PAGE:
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M'sian woman who trespassed into S'pore mentally ill, says family
Publication Date : 24-01-2014
The 28-year-old Malaysian teacher caught for criminal trespass in Singapore has a long history of mental illness, according to her aunt Hanifah Che Pi.
She claimed that the woman, the eldest of five siblings from Pendang, some 50km from here, has been on medication for the illness since she was a teenager.
However, despite her illness, she scored 7As in her Sijil Pelajaran Malaysia in 2003 and graduated as a teacher from Universiti Sains Malaysia in 2010.
Hanifah, 40, said her niece had to be on medication constantly or she would suffer from depression.
“I have taken care of her when she suffered depression in school and during her university years. When she is ill, she becomes quiet and has to be spoon fed but when she is feeling alright, she is a sweet and intelligent girl,” said the housewife.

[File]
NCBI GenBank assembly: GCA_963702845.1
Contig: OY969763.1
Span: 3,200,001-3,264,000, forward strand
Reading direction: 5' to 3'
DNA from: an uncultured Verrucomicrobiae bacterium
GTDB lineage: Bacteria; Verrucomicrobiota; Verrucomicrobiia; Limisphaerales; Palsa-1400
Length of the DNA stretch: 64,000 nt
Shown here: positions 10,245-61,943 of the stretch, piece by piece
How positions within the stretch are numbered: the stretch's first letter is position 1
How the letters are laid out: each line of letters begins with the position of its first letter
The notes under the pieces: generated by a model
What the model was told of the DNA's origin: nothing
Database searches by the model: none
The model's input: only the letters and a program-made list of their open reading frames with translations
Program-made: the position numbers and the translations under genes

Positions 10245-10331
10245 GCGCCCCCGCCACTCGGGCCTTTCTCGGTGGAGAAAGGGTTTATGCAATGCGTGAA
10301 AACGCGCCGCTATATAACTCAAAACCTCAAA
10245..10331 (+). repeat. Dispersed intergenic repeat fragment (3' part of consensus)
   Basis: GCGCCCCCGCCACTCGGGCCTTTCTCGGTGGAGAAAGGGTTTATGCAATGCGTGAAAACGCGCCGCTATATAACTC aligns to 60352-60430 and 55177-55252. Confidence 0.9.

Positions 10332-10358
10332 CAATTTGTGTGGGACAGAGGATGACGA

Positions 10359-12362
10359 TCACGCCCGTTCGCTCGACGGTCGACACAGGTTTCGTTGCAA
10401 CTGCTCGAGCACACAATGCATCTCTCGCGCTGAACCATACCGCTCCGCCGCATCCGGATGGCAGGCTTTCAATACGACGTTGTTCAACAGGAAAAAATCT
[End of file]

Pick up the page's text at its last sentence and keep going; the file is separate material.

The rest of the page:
She said that last November, her niece who teaches in Cheras, Kuala Lumpur came home during the school holidays and did not show any signs of depression until end of the month when she became quiet and refused to talk to anyone.
“One day she walked to my house, located 100m from hers, crying and I immediately knew she was ill. I took care of her for two weeks till she was better and she returned home.
“Earlier this month, her brother told me she had gone back to Kuala Lumpur despite being on medical leave,” she said when met at her home.
It was reported that Singapore police arrested the woman on January 20 at the compound of the Singaporean Ministry of Foreign Affairs for criminal trespass.
The woman is reportedly also being investigated for evading immigration clearance.
Another aunt Khodijah Shariff, 57, said the family was puzzled over why the woman had driven to Singapore.
The authorities hope that the family of the woman, who drove through checkpoints in Singapore and Malaysia and later crashed through a security barrier at the Ministry of Foreign Affairs in the republic, will be able to shed some light on the whole situation.
Deputy Malaysian High Commissioner Kamsiah Kamaruddin said that the 28-year-old still did not utter a word about the incident and had been sent to a mental health institute in Singapore for assessment.